“I’ll join you when hell freezes over:” Neville Longbottom

September 9, 2011

I said earlier that I wanted to come back to Neville after having re-read further into the books.  I never made it to the end of the series with my posts last time so I didn’t get to his shining moment at the end of the series.  Now I want to come back and explore how he grows from the toad-less boy in book one to Voldemort-defying BAMF in book seven.

Note: I’ll stick to Neville as characterized in the books for this post although I should note that I’m as pleased as anyone that the movie characterization finally allowed Neville to grow from walking punch line to the Sword-of-Gryffindor-wielding hero we knew him to be.  It hasn’t hurt at all that the actor who plays him, Matthew Lewis, is a great candidate for Witch Weekly’s Most Charming Smile Award these days either.

Neville is so great!

Unfailingly kind.  Determined.  Adorably self effacing.  Morally upstanding.  Loyal.  Nerdily enthusiastic.  I could wax poetic on the subject – is my crush showing?  Neville doesn’t always see the value in himself but he is quite capable of making friends who see it for him.  I love the moment at the opening of Order of the Phoenix when he meets Luna:

‘And I don’t know who you are.’
‘I’m nobody,’ said Neville hurriedly.
‘No, you’re not,’ said Ginny sharply.  ‘Neville Longbottom – Luna Lovegood…’

The DA (part the first)

“Nor had he said anything on the subject of Bellatrix and her fellow torturers’ escape; in fact, he barely spoke during D.A. meetings anymore, but worked relentlessly on every new jinx and counter curse Harry taught them, his plump face screwed up in concentration, apparently indifferent to injuries or accidents, working harder than anyone else in the room. He was improving so fast it was unnerving and when Harry taught them the Shield Charm, a means of deflecting minor jinxes so that they rebounded upon the attacker, only Hermione mastered the charm faster than Neville.”

Neville is determined.  He insists that he, Luna and Ginny go with Harry to the Ministry at the end of Order of the Phoenix reminding Harry that its not all about him – they all have lives and loved ones at stake in this war.  He’s also the last man standing with Harry at the end in the department of mysteries and defiant to the last despite a broken nose and wand.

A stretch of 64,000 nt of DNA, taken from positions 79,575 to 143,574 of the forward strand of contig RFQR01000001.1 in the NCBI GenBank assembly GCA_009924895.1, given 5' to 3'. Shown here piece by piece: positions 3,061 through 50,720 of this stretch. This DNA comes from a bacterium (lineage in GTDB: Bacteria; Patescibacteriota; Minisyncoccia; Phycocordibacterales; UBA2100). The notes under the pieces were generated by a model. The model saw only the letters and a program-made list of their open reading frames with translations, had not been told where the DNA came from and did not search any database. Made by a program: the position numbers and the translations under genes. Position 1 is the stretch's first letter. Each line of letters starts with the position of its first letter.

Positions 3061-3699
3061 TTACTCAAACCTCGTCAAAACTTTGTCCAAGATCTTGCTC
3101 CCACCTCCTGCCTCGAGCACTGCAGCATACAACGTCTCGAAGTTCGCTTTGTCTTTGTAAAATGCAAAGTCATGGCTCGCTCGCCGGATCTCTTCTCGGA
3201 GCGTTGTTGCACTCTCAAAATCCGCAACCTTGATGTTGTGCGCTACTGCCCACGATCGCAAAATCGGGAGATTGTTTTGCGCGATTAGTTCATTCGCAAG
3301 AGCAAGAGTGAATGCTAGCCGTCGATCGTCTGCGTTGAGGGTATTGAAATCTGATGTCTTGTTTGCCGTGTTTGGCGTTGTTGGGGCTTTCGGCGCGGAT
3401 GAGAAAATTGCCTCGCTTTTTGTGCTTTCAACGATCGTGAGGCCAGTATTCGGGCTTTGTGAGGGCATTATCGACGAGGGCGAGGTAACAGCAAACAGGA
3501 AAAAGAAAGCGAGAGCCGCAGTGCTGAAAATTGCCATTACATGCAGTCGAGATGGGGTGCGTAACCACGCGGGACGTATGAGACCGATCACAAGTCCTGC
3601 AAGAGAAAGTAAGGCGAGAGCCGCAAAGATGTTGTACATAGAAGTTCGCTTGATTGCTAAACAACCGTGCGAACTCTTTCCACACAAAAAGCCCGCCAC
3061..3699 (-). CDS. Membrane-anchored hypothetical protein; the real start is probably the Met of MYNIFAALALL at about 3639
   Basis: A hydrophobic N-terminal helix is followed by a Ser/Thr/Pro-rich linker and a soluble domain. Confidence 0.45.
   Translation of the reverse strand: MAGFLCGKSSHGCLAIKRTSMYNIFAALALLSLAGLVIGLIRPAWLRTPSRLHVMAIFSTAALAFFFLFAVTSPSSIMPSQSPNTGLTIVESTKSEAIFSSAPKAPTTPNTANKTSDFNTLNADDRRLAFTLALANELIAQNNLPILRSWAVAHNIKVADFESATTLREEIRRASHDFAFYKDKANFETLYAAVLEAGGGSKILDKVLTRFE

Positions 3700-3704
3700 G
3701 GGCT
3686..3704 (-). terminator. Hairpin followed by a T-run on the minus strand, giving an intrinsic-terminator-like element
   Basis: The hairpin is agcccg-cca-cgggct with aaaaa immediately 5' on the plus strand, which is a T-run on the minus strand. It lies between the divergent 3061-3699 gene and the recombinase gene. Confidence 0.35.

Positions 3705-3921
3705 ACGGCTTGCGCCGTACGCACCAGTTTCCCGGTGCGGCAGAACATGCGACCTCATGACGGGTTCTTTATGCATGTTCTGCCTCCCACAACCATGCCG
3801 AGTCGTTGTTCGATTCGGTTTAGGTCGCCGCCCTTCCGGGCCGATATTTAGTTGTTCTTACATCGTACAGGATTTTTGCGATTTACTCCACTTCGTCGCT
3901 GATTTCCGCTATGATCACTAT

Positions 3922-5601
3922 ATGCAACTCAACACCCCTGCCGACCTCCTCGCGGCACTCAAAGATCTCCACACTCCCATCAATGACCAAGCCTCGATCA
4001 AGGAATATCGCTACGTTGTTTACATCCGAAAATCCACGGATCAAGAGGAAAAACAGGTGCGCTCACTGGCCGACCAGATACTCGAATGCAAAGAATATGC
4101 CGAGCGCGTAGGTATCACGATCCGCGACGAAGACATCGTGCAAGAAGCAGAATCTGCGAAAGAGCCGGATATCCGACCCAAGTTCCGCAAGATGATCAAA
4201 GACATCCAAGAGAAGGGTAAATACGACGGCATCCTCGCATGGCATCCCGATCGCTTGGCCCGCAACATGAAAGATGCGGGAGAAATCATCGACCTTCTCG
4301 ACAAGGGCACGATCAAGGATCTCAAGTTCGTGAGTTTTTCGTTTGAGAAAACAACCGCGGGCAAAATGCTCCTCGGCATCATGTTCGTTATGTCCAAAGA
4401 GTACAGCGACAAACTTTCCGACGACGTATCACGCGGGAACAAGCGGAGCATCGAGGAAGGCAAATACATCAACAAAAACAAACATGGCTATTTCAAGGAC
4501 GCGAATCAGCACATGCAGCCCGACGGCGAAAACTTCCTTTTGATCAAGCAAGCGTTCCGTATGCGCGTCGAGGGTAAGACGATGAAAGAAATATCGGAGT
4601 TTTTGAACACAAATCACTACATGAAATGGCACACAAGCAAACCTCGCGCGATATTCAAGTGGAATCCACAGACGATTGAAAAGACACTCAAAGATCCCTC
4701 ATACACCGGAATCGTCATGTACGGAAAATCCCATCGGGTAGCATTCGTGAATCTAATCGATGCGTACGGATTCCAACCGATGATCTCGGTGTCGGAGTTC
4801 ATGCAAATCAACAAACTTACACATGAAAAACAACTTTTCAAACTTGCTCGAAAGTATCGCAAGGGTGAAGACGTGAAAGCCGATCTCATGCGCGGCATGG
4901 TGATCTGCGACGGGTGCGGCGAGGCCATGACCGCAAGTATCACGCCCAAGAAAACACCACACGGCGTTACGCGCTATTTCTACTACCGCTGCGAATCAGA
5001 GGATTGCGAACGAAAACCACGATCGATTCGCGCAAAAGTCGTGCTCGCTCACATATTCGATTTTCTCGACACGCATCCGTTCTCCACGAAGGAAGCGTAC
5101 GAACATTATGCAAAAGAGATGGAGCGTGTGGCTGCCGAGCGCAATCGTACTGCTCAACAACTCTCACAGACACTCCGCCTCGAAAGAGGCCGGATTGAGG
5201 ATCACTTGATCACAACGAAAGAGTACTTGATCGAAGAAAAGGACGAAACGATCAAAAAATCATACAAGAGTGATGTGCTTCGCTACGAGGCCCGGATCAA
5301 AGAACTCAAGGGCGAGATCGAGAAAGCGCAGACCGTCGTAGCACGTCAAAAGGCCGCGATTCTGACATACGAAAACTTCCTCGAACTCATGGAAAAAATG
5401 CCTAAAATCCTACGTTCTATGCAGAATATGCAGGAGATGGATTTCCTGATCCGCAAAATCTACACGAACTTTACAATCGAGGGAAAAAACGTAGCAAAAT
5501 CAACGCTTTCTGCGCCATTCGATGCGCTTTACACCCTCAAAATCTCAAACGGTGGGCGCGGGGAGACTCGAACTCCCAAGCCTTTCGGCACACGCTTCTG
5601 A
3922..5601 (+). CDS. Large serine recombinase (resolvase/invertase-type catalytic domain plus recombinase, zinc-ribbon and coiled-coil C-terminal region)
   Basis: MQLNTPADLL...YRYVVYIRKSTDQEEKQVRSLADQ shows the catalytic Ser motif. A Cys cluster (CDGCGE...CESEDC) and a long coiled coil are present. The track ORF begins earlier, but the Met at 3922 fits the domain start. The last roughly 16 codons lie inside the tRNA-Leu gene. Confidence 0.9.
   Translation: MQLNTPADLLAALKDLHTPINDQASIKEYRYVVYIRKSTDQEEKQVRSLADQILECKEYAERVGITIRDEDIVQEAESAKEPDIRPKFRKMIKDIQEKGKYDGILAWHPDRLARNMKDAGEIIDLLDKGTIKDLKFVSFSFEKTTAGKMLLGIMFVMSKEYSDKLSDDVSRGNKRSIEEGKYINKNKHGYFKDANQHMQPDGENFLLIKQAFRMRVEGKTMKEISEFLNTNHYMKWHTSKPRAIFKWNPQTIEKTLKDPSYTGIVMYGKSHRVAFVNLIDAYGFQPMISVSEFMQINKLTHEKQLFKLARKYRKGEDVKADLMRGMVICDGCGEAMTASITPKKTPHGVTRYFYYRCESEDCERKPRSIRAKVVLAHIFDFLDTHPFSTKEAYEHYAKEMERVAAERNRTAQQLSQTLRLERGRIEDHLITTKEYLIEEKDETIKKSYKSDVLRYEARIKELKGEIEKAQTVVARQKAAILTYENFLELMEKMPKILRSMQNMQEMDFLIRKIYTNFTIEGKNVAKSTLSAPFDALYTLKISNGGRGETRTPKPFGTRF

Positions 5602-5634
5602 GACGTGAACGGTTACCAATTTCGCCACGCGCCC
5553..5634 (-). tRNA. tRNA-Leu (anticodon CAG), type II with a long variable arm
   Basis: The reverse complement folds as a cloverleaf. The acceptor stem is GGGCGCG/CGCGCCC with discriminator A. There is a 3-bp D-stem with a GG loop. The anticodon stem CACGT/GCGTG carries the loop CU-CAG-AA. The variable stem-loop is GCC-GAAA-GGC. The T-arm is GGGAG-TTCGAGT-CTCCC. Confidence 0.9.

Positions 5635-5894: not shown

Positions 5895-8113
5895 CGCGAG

And then … a new wand.

Ok, Wizarding World, WTF!  Its explained ad nauseum in the books that “the wand chooses the wizard” and Harry can’t be the only person who has ever had to work with another person’s wand and found it doesn’t do the trick for him.  Why are these wizarding parents setting their kids up for failure by sending them off to Hogwarts with poorly matched wands?

Its always been clear to me that part of Ron’s difficulty with school comes from spending two years with the wrong wand.  No wonder Neville thinks he’s a squib when he did his first five years of magical education with someone else’s wand.  Poor kid.  I think getting his own wand finally would be instrumental to his re-birth as a confident Gryffindor and leader of men (and women).   Its fine that he keeps his dad’s fugly sweater collection though – that’s quite sweet.

The DA (part the second)

“It helps to stand up to people.  I noticed that when you used to do it.”

There’s relatively little of Neville in the seventh book compared to what we are told he’s been up to but even what little there is shows how much he’s changed.  Its not clear when that happens.  Suddenly he’s (still self effacingly) leading an army of child soldiers and acting as guardian angel of the whole school.  Since no one (or at least not Harry) was paying much attention to him during all that time, it’s unclear when he made the transformation from Round-faced Toad Loser to Understated Underground Resistance Leader.

It was there all along.

But has he really changed?  Sure he’s grown up, stutters less, knows more spells, has a new wand.  But I think he’s largely the same person all along.  Still slightly self-effacing but ultimately ready to get the job done.  JK Rowling in an 2007 interview:

“And he really was The Boy It Could’ve Been, because as you know, as I made clear, he was born hours before Harry, he was born on the 30th of July, Voldemort singled him out as the other possibility. But the great thing about Neville’s story for me, the over-arching story about Neville, is that he proves himself to be a boy who could’ve done it too.”

I couldn’t agree more.  Three cheers for Neville Longbottom. Hip hip, hooray!!!!

Advertisements

Leave a Reply

Fill in your details below or click an icon to log in:

WordPress.com Logo

You are commenting using your WordPress.com account. Log Out / Change )

Twitter picture

You are commenting using your Twitter account. Log Out / Change )

Facebook photo

You are commenting using your Facebook account. Log Out / Change )

Google+ photo

You are commenting using your Google+ account. Log Out / Change )

Connecting to %s